Nokia’s stumbling performance is slowing the economic growth of Finland, with exports of mobile software and services from the world’s largest phone maker down last year.
Service exports fell 7 percent in the country, and even though exports of goods increased 10 percent the overall economy grew a lower-than-expected 3.1 percent. Meanwhile, the Espoo, Finland-based phone maker aims to regain market share under new management. Earlier last month, it announced plans to team up with Microsoft and adopt Windows Phone as its main mobile operating system.
In the process it is abandoning the MeeGo, which it was developing with Intel, as well as phasing out Symbian, its own longstanding operating system. That translates to potentially massive layoffs, many in Finland. Nokia will cut jobs among 6,500 research and development positions and some 3,000 employees work on the beleaguered Symbian OS. The company currently employs 19,840 people.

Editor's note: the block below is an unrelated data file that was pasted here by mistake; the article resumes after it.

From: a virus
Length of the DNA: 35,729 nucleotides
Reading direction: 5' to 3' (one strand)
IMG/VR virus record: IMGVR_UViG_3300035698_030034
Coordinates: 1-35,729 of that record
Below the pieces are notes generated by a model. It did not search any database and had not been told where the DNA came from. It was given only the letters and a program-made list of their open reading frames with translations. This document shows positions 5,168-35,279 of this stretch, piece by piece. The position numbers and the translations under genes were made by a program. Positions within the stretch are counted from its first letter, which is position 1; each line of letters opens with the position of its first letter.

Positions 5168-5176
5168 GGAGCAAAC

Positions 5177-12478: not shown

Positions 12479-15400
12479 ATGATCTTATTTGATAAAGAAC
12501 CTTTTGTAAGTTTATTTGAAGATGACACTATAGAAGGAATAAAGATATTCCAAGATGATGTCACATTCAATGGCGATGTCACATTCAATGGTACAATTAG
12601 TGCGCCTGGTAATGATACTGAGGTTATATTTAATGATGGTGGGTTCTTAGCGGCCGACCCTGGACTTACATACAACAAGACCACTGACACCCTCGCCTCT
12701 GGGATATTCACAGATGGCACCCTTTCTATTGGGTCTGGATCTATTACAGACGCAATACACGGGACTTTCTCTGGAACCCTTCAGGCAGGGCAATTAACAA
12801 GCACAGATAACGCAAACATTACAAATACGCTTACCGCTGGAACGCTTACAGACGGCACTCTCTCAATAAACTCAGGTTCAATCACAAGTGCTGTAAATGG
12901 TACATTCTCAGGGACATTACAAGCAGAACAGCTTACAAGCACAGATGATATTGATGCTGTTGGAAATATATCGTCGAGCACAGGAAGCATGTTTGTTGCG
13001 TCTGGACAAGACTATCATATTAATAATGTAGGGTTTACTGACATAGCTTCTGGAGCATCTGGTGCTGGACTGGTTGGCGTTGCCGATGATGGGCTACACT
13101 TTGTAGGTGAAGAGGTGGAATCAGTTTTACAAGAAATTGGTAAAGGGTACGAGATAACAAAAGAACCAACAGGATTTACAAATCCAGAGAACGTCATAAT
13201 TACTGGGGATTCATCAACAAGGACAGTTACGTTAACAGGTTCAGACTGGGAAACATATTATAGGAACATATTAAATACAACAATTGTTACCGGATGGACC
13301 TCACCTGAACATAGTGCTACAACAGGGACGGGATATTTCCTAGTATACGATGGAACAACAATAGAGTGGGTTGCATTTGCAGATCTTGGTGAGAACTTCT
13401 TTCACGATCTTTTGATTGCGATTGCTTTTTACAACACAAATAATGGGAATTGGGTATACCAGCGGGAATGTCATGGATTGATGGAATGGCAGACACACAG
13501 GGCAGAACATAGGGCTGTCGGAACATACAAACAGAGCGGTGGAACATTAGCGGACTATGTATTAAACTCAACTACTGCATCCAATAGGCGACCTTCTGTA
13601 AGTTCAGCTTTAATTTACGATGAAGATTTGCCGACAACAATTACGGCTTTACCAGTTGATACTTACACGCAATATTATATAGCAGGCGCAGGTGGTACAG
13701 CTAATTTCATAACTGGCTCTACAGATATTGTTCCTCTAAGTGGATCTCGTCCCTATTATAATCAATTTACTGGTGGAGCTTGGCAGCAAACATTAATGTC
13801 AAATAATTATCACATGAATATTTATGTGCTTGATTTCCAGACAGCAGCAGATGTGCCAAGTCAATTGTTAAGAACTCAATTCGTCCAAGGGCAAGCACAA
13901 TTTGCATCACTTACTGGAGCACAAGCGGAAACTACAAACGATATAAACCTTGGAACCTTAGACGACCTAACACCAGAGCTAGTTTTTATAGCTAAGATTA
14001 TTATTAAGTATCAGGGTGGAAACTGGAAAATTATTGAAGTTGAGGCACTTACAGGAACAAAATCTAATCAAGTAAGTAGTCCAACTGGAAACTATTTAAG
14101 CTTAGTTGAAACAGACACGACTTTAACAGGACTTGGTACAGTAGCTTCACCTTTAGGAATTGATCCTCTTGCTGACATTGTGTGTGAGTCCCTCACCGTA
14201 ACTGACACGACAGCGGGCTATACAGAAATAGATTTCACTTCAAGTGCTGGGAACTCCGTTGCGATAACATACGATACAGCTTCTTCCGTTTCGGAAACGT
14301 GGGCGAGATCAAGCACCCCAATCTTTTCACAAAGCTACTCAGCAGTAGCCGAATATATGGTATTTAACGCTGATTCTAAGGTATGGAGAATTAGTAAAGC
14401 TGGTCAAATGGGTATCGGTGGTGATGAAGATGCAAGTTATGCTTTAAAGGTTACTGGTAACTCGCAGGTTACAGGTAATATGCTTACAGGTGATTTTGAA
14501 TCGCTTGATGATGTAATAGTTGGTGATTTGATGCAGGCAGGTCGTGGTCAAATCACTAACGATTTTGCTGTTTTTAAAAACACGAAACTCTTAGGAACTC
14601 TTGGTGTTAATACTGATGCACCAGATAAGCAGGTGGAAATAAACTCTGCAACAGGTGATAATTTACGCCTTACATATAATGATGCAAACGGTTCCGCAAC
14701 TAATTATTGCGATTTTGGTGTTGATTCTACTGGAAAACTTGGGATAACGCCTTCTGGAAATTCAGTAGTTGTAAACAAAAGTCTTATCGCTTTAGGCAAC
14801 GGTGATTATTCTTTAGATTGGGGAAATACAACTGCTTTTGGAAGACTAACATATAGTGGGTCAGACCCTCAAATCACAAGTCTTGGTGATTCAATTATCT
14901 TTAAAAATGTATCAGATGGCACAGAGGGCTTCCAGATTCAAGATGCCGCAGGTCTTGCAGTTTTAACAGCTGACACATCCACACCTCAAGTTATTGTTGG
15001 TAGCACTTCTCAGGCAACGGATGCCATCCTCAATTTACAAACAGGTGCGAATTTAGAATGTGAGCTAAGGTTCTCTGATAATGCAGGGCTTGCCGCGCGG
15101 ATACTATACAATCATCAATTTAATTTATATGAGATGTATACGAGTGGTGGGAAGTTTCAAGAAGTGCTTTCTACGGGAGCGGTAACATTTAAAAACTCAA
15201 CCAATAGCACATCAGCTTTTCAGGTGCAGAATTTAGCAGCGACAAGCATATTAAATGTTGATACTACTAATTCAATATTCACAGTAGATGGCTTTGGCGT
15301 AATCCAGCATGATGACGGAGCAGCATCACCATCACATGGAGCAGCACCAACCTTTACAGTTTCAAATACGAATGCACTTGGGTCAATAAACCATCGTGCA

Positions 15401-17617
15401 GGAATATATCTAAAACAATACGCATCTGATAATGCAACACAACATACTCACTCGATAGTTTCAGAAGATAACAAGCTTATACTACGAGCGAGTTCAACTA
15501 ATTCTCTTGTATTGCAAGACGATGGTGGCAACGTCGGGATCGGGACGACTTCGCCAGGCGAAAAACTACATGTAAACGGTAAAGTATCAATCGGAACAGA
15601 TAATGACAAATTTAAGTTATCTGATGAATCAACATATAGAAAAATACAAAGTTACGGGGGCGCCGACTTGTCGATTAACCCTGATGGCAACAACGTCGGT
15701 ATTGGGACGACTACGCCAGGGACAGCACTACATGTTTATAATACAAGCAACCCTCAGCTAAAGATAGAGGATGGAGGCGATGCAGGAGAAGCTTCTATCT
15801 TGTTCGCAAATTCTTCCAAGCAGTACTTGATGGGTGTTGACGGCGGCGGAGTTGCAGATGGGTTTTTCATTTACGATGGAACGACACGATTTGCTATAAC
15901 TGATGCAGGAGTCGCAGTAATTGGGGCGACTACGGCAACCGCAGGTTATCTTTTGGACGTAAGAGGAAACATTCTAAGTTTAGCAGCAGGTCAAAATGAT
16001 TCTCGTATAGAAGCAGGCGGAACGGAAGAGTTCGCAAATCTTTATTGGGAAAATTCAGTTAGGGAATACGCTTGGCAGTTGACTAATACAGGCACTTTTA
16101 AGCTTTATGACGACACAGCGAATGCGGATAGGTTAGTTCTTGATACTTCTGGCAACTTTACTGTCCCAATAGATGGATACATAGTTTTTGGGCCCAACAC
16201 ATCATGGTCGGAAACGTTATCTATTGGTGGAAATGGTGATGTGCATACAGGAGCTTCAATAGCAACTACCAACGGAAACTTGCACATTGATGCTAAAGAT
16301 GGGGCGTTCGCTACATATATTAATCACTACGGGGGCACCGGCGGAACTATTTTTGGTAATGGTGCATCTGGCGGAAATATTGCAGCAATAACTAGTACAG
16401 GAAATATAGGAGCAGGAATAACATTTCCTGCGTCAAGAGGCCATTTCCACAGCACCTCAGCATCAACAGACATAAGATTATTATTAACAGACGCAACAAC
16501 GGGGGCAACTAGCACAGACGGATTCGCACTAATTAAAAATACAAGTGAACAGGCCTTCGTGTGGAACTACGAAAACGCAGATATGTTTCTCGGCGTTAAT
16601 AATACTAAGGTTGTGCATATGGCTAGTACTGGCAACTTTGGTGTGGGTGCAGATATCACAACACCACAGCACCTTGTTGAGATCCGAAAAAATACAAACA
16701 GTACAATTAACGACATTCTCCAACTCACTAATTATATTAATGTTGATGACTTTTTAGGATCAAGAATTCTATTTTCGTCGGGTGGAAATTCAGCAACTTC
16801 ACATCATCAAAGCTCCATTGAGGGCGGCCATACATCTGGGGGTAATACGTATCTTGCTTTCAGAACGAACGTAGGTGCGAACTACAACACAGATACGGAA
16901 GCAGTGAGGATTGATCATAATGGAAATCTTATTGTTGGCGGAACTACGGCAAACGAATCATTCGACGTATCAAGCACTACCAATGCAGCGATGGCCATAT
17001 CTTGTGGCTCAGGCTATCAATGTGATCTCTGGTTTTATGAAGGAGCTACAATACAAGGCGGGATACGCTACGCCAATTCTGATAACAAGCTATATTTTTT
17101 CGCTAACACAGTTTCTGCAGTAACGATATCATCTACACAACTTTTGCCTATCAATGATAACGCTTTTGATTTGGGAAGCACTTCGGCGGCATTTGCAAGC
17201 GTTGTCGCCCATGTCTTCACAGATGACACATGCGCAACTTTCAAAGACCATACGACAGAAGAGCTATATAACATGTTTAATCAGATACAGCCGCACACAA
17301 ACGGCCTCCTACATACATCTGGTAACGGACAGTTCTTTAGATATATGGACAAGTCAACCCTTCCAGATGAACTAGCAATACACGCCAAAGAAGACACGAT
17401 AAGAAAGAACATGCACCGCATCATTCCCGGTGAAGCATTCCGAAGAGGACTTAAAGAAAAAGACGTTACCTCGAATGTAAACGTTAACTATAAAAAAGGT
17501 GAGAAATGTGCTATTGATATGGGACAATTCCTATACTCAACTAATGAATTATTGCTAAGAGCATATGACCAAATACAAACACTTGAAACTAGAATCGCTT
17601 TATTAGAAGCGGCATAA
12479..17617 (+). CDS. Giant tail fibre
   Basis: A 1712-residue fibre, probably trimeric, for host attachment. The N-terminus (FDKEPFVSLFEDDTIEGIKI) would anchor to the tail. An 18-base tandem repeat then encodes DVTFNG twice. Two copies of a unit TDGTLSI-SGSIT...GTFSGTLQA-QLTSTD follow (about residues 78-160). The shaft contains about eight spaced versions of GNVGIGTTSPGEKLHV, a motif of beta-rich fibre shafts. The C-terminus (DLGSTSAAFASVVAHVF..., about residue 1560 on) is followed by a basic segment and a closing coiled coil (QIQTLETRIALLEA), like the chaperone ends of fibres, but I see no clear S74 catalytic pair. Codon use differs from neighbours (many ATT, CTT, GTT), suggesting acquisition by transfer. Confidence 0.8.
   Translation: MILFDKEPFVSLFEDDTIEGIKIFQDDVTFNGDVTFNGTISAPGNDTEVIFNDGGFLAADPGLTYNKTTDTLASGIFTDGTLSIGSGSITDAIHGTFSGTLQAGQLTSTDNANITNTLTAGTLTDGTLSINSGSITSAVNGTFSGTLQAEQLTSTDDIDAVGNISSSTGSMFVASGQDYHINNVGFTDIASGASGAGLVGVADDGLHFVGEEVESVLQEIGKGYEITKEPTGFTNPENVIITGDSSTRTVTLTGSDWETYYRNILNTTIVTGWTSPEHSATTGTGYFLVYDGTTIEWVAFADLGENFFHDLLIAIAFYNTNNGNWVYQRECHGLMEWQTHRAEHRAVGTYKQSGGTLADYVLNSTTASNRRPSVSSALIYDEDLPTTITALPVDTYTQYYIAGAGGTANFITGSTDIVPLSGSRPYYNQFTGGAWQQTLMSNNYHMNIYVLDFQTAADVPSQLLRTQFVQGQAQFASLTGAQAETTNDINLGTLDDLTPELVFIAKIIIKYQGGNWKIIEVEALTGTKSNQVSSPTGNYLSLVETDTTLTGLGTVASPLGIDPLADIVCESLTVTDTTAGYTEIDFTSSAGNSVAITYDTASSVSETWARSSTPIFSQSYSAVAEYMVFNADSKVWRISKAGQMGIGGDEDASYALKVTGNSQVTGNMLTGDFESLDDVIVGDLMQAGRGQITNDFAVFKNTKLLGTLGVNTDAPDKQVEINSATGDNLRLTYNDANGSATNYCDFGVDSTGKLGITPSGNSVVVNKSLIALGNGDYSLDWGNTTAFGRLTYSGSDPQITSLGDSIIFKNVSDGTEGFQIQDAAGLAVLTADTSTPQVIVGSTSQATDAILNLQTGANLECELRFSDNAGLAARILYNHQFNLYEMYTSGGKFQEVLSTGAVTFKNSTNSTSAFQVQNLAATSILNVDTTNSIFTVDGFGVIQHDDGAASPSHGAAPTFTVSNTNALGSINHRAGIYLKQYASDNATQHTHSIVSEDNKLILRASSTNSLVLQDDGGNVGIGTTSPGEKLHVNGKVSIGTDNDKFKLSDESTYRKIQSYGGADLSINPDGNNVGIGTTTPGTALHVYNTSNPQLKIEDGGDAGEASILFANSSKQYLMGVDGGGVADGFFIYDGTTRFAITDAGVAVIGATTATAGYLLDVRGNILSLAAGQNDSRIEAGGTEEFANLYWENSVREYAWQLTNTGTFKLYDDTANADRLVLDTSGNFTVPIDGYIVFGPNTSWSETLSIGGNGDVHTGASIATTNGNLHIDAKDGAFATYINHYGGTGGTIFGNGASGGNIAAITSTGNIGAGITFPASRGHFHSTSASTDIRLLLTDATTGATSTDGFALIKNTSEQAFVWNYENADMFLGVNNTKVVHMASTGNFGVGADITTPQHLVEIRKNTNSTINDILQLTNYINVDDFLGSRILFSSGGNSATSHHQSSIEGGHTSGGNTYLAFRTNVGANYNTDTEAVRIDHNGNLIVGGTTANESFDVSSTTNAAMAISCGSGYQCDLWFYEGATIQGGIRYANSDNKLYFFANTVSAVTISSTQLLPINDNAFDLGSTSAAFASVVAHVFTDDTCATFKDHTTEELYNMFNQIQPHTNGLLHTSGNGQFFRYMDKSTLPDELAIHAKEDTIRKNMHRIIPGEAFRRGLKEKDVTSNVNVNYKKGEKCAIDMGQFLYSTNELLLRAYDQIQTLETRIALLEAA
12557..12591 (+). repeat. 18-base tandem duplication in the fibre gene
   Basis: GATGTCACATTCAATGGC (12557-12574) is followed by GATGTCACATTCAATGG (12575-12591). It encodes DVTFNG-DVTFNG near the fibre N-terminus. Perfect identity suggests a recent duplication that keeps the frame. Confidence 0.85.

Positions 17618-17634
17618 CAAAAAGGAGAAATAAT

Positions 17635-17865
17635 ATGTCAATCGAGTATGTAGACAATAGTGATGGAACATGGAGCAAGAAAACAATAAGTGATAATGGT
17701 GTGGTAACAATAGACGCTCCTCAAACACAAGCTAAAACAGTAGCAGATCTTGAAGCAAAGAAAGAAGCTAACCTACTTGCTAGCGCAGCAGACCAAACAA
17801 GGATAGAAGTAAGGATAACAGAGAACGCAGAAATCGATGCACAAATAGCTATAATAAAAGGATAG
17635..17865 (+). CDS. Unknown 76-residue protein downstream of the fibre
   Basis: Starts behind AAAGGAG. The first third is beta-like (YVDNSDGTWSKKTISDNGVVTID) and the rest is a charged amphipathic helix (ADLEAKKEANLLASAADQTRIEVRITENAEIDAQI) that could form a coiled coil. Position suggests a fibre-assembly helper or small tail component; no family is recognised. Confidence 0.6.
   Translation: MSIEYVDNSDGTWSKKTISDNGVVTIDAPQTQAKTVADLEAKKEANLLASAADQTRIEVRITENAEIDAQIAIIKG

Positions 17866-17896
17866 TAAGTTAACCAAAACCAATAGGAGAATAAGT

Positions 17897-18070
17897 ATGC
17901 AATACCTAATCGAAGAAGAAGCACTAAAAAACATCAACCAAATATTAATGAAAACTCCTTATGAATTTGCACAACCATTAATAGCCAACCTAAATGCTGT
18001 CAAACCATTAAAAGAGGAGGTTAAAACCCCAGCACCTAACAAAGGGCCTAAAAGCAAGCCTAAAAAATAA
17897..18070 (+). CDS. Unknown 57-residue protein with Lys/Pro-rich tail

“This is the biggest structural reform which has ever impacted new technology in Finland,” said Mauri Pekkarinen, Finland’s economy minister. The government will try to help people find other jobs, while unions are demanding severance packages of 100,000 euros, or around $138,000, per employee.
Nokia is struggling to compete with more robust mobile platforms like Apple’s iOS and Google’s Android after failing to foresee shifting consumer demand from so-called feature phones to smartphones. Although Nokia has lost market share, particularly in the U.S., and is being squeezed at both the low and high ends of the market, it remains the world’s largest phone manufacturer by units sold.